Please use this identifier to cite or link to this item: http://scholarbank.nus.edu.sg/handle/10635/52422
Title: 'Mixers' and 'Mixing': English across Cultures
Authors: Kamwangamalu, N.M. 
Issue Date: 1992
Source: Kamwangamalu, N.M. (1992). 'Mixers' and 'Mixing': English across Cultures. World Englishes 11 (2-3) : 173-181. ScholarBank@NUS Repository.
Abstract: The phenomenon of language "mixing" involves alternating use of two or more languages or language varieties in one speech event. It can be classified as code-mixing (CM) in which alternation is intrasentential, & code-switching (CS) where alternation is intersentential. A cross-linguistic & cross-cultural perspective on the functions of CM & CS is adopted in an examination of their uses in the South Asian context. Aspects of CM that may characterize its functions on a universal basis include marking of eliteness, marking modernization, & marking in-group identification. It is argued that in bilingual communities, CM may occur in any situation, not just in informal contexts. B. Annesser Murray.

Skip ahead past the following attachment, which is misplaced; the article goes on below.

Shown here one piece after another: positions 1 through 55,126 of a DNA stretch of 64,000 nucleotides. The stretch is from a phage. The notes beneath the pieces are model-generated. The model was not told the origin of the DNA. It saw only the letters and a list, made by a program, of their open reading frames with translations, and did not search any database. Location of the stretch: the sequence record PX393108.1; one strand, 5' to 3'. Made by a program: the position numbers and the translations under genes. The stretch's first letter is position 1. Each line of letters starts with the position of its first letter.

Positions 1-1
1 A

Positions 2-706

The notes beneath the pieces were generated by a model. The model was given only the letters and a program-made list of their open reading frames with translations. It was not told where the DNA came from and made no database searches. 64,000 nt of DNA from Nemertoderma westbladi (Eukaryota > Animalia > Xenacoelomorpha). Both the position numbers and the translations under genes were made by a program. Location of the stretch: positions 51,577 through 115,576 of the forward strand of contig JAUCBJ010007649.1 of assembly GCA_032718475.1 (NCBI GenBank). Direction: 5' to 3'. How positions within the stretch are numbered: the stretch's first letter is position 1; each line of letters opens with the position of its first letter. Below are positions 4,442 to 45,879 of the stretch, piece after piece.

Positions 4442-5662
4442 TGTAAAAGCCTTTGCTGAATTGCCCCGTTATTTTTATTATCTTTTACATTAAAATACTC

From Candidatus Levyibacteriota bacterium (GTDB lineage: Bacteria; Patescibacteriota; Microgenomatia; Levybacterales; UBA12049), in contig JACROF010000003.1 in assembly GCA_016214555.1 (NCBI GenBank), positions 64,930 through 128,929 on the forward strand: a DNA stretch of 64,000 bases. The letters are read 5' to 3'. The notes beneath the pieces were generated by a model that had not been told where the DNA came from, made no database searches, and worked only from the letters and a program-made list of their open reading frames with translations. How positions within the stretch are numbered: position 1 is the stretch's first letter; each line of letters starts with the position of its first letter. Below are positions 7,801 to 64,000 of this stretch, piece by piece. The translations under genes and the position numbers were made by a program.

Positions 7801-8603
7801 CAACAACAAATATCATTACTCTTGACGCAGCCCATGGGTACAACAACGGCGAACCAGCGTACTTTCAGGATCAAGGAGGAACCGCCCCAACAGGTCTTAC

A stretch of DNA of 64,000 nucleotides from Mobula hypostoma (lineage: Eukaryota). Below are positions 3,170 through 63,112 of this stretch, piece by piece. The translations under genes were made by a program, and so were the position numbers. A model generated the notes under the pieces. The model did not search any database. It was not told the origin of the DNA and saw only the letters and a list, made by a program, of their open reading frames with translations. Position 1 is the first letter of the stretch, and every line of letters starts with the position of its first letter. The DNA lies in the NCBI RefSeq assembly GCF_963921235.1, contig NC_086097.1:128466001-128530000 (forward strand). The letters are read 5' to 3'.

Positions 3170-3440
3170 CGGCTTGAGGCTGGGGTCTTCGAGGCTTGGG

Source Title: World Englishes
URI: http://scholarbank.nus.edu.sg/handle/10635/52422
ISSN: 08832919
Appears in Collections:Staff Publications

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